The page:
Two Stories

by Eric Beeny



A New Amnesia

He just got this thing the other day. He takes it out of the drawer, unfolds it.

He looks at it, as if it is a photograph he’s never seen before. He folds it, gets on his knees and pushes it under the bed.

He goes to the bathroom, washes his hands again.

The telephone rings. He looks at it. It rings. The telephone. Rings.

He closes the bathroom door quietly, climbs into the tub. He turns the water on, the tub fails to fill. Only his back gets wet. He gets out, leaves the water running.

His feet make wet prints on the carpet. He pulls the blanket off his bed, dries off wrapping the blanket around himself.

He lies on the floor. He turns his head, looks under the bed.

“What’s this?” he says.



Smoke

The lightning looks like hair. She wants to pull it to make the clouds cry.

Downstairs the house moved away. She didn’t get to say goodbye.

A letter arrives the next morning addressed to the house. She opens it, wonders how whoever sent it found out where the house lived. The house left no forwarding address.

She reads the letter. It is from a mathematician working to prove that the arcs of falling leaves can be calculated to prove that there is no such thing as free will.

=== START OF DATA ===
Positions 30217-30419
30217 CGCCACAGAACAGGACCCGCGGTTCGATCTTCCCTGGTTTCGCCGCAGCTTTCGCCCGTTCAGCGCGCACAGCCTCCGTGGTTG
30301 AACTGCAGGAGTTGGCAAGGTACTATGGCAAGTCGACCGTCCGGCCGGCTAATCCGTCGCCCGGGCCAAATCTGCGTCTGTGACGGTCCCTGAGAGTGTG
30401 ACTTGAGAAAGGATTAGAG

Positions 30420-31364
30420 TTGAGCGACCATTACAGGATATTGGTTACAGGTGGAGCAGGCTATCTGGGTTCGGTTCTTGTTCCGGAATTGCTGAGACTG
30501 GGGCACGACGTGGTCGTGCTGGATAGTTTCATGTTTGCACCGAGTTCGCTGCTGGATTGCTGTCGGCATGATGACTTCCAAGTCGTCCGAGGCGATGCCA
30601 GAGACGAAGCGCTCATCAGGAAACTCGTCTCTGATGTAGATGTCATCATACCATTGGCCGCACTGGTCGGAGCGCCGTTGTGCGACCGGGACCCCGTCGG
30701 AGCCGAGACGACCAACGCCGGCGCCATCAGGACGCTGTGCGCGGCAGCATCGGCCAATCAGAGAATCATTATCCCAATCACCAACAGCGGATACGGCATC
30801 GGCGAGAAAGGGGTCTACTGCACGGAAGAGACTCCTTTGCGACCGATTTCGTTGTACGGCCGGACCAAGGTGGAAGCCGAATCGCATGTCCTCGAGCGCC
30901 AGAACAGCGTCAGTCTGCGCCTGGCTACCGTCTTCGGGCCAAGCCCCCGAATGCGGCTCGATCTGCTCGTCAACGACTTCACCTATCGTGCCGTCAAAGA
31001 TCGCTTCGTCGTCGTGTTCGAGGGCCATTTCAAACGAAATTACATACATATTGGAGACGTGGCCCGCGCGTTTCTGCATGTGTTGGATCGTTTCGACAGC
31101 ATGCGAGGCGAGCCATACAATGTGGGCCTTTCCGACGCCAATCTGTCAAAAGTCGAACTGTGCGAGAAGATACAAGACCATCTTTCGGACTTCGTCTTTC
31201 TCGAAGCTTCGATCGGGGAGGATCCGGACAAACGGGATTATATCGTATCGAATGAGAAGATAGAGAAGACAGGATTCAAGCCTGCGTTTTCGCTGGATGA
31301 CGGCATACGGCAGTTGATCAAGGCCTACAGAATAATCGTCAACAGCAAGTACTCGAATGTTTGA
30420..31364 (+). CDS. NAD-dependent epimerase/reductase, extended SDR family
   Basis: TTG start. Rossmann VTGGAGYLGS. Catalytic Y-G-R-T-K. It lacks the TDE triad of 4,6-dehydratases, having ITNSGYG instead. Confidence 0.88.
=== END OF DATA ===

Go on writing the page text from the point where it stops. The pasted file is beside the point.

The letter says that if a leaf falls in front of you while walking through a forest that it is meant to happen, that everything that has happened up to that point—you being born, you learning to walk, you deciding years later to go for a walk, you walking through the forest and the leaf deciding (consciously), at the exact moment you pass under its tree, to fall—is all mathematically predictable.

She doesn’t believe any of it. The leaf could not decide to fall if there is no free will, could not be conscious. The signature is, for some reason, illegible.

She puts the letter on her nightstand. She leaves her room to go downstairs, remembers the house moved away.

She gets a box of matches from the drawer of her nightstand, strikes one, sets the letter on fire. The big bang struck on the head of a matchstick, she thinks. She watches the letter curl into fingers of ash, a closing fist.

She lies down in bed, pulling her hair, crying leaves at the dark clouds moving into her room, gathering near the ceiling of the world.